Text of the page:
Whom do we Christians today disqualify as “neighbor”? Is there a skin tone that makes someone less of a neighbor? Do we measure our need to give love based on how much money someone makes or the neighborhood a family lives in? Do we feel justified in treating some people in a less-than-neighborly way?
Jesus doesn’t have any qualifications for the title “neighbor.” Jesus doesn’t limit his neighborly love, except for one condition, — you need to be a sinner in need of His mercy.
The second part of “You shall love your neighbor as yourself” we have to clearly understand is “as yourself.” “Love your neighbor AS YOURSELF.’
Many folks react to that statement by asking the question, “Isn’t loving yourself a sin?” Well, consider this. God created you in His own image. He called what He created good. If you hate yourself, aren’t you hating something God created and said was good? Loving yourself is not a sin, but it can become a sin when you love yourself more than other people.
As one who taught teenagers in high school and in college for many years, I found hating self to be a much bigger problem among them than loving self too much. Here is what one teenager was quoted as saying in Word Press: “I grew up hating myself. I hated how I looked. I hated my ethnic mix. I hated where I lived. I hated being poor. I hated everything about myself. At one point I actually wanted to commit suicide. My relationship with Jesus stopped the self-hatred when I learned how much He loved me.”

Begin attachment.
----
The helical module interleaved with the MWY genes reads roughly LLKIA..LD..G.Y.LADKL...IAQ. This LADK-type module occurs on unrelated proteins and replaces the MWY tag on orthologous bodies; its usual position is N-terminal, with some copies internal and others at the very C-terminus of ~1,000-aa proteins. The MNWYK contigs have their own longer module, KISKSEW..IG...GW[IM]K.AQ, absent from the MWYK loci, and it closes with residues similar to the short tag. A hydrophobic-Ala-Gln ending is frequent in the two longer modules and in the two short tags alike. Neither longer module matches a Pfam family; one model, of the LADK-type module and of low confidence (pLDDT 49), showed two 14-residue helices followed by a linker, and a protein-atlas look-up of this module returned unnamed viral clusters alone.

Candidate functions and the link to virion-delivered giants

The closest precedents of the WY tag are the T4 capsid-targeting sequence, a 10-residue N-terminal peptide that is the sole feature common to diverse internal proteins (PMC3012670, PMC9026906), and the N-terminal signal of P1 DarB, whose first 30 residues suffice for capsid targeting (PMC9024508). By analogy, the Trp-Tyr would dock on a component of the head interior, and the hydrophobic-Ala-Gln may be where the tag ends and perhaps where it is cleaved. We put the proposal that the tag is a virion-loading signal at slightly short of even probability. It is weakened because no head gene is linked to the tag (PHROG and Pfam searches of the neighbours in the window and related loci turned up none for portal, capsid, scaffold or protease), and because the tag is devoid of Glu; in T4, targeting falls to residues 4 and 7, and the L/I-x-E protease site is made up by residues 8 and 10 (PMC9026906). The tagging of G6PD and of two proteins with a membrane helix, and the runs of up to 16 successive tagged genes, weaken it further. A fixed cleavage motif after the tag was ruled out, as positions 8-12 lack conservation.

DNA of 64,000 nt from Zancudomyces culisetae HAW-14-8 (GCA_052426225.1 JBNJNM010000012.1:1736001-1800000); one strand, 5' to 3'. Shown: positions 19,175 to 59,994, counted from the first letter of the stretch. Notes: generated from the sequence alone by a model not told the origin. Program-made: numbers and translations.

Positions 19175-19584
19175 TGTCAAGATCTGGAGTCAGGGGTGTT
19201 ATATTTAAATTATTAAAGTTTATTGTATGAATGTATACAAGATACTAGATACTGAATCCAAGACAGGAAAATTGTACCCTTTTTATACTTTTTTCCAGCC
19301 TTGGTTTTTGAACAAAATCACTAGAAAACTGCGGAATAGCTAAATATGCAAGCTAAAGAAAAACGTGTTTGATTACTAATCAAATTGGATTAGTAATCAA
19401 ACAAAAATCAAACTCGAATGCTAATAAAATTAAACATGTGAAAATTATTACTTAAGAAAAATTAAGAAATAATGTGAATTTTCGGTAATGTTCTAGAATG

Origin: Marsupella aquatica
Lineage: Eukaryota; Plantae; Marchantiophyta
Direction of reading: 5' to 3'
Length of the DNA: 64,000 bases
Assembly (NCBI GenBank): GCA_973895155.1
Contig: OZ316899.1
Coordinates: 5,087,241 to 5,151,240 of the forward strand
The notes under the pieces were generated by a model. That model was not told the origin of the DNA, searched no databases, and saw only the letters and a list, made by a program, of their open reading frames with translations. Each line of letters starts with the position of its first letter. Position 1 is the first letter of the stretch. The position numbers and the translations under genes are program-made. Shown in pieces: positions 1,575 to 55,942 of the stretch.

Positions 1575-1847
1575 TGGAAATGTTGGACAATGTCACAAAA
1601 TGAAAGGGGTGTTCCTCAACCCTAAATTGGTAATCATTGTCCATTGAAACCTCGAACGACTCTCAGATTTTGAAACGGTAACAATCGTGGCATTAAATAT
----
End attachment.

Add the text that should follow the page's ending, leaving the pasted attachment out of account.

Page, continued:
If you hate yourself, it is impossible to love others. God loves you so much He sacrificed his Son on the cross for your sins. Because He loves you unconditionally, you are able to love yourself and to love others.
And last and most important, the key word in the passage we must understand is the word “love.” The original Greek word used by Luke was “agape,” which means loving so totally and unconditionally you would be willing to sacrifice your life for someone.” Think about it: If every person in this world would love his neighbor as himself, think what that would mean! The command to love your neighbor as yourself is the only command we would need! That’s something worth praying for, isn’t it?! Amen.
The peace of God which passes all understanding, keep your hearts and minds through Christ Jesus.